A researcher outlines plans for a research mobile application on a whiteboard

What To Know When Building an App for Research Studies

Share on:

Mobile and web applications are prevalent in every corner of life and are a fantastic mechanism for collecting data or reaching a target population. However, the task of building an app for a research project can be daunting. Knowing how to prepare for app development can save you a lot of time, headaches, and valuable funding. 

The first phase of development at CrossComm is called discovery–this is the time when we will help you plan your project so it meets your specific needs. Positioning yourself for a successful discovery phase begins with three essential questions: What? Who? and When? Below you will find an excellent starting point for gathering the information you’ll need.

Building an App for Research Hero Image

Lauren Hamel, PhD worked with CrossComm to build the Discussions of Cost app.

What is your big idea?

The first and most important step is to clearly establish what you want your app to do. Having a clear picture is a good start, but you should also come to the table with an openness to recommendations from your technical partner. 

Some clients approach us with very specific requirements in mind, like needing a mobile app to run on both iOS and Android so that any participant could install it on a personal device. Others may approach us with an idea for a mobile app, but through the discovery process, we find we can accomplish their goals with a mobile-responsive web app, saving them time and money. 

To achieve your goals, you’ll need to consider what your app needs to reach your user population. Whether you’re working with children or the elderly, athletes or average joes, it’s important to factor all this into your plan to ensure the best user experience possible.

  • Is reading level or visual accessibility an important factor?

  • How comfortable are your users with technology?

  • Will users have access to the internet or other technology required by your app? 

  • Will you be providing phones or tablets to them as part of your study, or will they be using their own device?

You’ll also want to consider what kind of data you’ll want to collect, if any. If you can provide a template in .csv format of variable names, missing data codes, etc. to your technical partner early in the process, they can build your app in a way that ensures that it captures all of your expected information.

Research app .csv screenshot

Sample CSV of patient data from a clinical research study

And if your research involves Personal Health Information (PHI), you’ll want to consider HIPAA compliance. We’ve already outlined several options to manage your PHI in this guide, but you may also be able to avoid HIPAA compliance issues by not collecting ePHI in your app itself.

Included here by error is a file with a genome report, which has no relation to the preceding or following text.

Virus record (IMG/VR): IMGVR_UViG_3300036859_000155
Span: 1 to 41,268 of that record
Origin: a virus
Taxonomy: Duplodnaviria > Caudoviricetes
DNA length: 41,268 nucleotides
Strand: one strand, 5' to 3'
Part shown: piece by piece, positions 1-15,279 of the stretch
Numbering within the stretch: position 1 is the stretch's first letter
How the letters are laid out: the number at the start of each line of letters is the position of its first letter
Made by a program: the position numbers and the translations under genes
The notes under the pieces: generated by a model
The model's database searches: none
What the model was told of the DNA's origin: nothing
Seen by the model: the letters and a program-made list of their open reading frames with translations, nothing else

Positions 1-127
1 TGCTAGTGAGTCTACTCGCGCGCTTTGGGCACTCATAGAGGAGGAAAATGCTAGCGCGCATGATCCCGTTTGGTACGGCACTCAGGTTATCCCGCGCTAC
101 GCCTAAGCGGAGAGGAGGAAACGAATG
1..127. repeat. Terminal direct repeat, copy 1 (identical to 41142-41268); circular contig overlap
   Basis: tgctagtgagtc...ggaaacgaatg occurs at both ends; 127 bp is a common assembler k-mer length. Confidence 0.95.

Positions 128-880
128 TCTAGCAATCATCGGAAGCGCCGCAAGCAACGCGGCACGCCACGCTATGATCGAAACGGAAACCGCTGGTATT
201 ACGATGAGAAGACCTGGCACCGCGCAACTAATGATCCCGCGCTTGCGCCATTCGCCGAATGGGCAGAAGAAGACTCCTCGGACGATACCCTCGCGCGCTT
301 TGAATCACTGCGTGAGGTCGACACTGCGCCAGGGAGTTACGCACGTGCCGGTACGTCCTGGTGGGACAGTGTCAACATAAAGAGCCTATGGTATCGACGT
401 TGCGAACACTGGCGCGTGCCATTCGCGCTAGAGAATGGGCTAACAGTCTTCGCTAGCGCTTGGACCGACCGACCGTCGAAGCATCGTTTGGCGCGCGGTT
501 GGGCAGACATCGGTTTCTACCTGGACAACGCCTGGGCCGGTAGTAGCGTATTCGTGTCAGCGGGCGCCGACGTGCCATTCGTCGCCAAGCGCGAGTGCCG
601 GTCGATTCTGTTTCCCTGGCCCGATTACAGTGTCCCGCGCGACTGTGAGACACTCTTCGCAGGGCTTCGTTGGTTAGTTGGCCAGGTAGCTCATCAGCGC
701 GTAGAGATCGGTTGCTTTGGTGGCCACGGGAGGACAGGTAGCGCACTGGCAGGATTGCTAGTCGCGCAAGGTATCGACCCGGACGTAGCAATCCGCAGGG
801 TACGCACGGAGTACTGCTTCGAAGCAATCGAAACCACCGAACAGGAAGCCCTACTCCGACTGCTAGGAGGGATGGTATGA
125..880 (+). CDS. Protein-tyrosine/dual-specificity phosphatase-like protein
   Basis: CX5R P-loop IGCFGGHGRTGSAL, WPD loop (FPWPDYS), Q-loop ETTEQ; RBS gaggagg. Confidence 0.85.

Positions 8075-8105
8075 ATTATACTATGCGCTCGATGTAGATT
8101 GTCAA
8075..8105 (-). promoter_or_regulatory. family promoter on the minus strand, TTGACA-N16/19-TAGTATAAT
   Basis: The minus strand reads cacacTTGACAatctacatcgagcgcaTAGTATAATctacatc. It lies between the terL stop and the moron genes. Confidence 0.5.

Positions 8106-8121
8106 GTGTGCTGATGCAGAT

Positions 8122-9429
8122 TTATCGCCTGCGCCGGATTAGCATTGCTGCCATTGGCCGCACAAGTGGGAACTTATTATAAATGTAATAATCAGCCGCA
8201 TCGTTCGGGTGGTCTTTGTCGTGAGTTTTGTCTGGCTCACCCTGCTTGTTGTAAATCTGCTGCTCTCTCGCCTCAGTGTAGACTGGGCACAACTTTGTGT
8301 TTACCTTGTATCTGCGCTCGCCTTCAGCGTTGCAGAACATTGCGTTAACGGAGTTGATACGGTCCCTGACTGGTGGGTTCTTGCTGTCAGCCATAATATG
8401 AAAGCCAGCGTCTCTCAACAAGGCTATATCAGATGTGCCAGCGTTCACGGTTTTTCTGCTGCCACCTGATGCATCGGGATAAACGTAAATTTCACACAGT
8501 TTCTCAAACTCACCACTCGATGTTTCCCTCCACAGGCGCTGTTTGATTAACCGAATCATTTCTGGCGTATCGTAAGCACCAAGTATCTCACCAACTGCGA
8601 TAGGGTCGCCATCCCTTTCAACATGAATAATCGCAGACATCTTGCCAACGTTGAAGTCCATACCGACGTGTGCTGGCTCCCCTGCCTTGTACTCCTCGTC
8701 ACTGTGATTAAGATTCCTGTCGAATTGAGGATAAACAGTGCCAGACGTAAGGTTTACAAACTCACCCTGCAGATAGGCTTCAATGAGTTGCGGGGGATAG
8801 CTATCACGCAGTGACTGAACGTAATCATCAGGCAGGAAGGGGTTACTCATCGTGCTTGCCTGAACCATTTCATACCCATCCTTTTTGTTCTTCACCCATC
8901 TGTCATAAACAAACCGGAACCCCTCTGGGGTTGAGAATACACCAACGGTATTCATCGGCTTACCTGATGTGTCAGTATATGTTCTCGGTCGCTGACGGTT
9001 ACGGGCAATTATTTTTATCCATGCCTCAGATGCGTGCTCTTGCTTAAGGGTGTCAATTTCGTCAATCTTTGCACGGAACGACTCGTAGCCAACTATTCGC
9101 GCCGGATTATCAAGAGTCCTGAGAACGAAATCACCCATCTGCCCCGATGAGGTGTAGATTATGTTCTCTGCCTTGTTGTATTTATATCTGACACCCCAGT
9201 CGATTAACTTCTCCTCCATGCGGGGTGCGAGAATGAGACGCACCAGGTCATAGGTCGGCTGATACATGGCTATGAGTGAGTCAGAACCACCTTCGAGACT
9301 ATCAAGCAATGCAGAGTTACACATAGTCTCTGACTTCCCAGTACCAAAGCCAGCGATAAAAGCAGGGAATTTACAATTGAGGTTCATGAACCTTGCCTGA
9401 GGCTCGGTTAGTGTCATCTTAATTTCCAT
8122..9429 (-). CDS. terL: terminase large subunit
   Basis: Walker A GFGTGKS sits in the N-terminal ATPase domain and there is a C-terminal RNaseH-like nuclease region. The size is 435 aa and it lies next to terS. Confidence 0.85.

Consider what you absolutely need in the app and be open to suggestions on tactics to protect your users and yourself. 

While we’re a long way out from design and UX, you’ll still want to plan ahead for what, if any, branding your organization requires. If you’re unsure, we suggest checking with a marketing or communications director within your organization or looking on your institution’s internal website or intranet for a style guide. This can be as simple as a set of logos or as complex as required fonts, colors codes, and trademarks. It is easiest to build an app with the proper branding from the start. 

One of the most important questions to keep in mind is what is your budget? If this is your first time working on an app, you’ll likely want to meet with a technical partner before you apply for funding, as discussing what you want and need with your technical partner helps create realistic estimates. 

In addition to planning for cost, demonstrating that you have an established relationship with a technical partner can also help bolster your grant application. In the past, we have been able to provide research clients with letters of support to include in their proposals. Check out our guide about the five tech partner must-haves for your research grant to succeed.

Who needs to be at the table?

From start to finish, there are a number of people who should be involved in the process of building software. It’s important to know who to have at the table and when. 

Let’s start with the most obvious question: who is your technical partner? When choosing an app developer for research studies, you’ll want a company who will not only build your software, but also leverage their expertise to guide you throughout the process. They will help you understand both the technical opportunities and potential limitations that could impact the execution of your idea. 

It helps if your technical partner has prior experience working with research projects. Some questions you might ask when assessing potential technical partners are: Can you tell me about other research projects you’ve developed? Can you point me to examples of your work with other research teams? Does anyone on your team have a background in clinical or scientific research? 

In addition to finding the right technical partner, you will want to identify any internal stakeholders who may need to provide input about your project. Many institutions have an internal department that creates policies about app development for research projects. You should identify who to contact at your institution, as they can provide valuable information about any internal concerns, including security.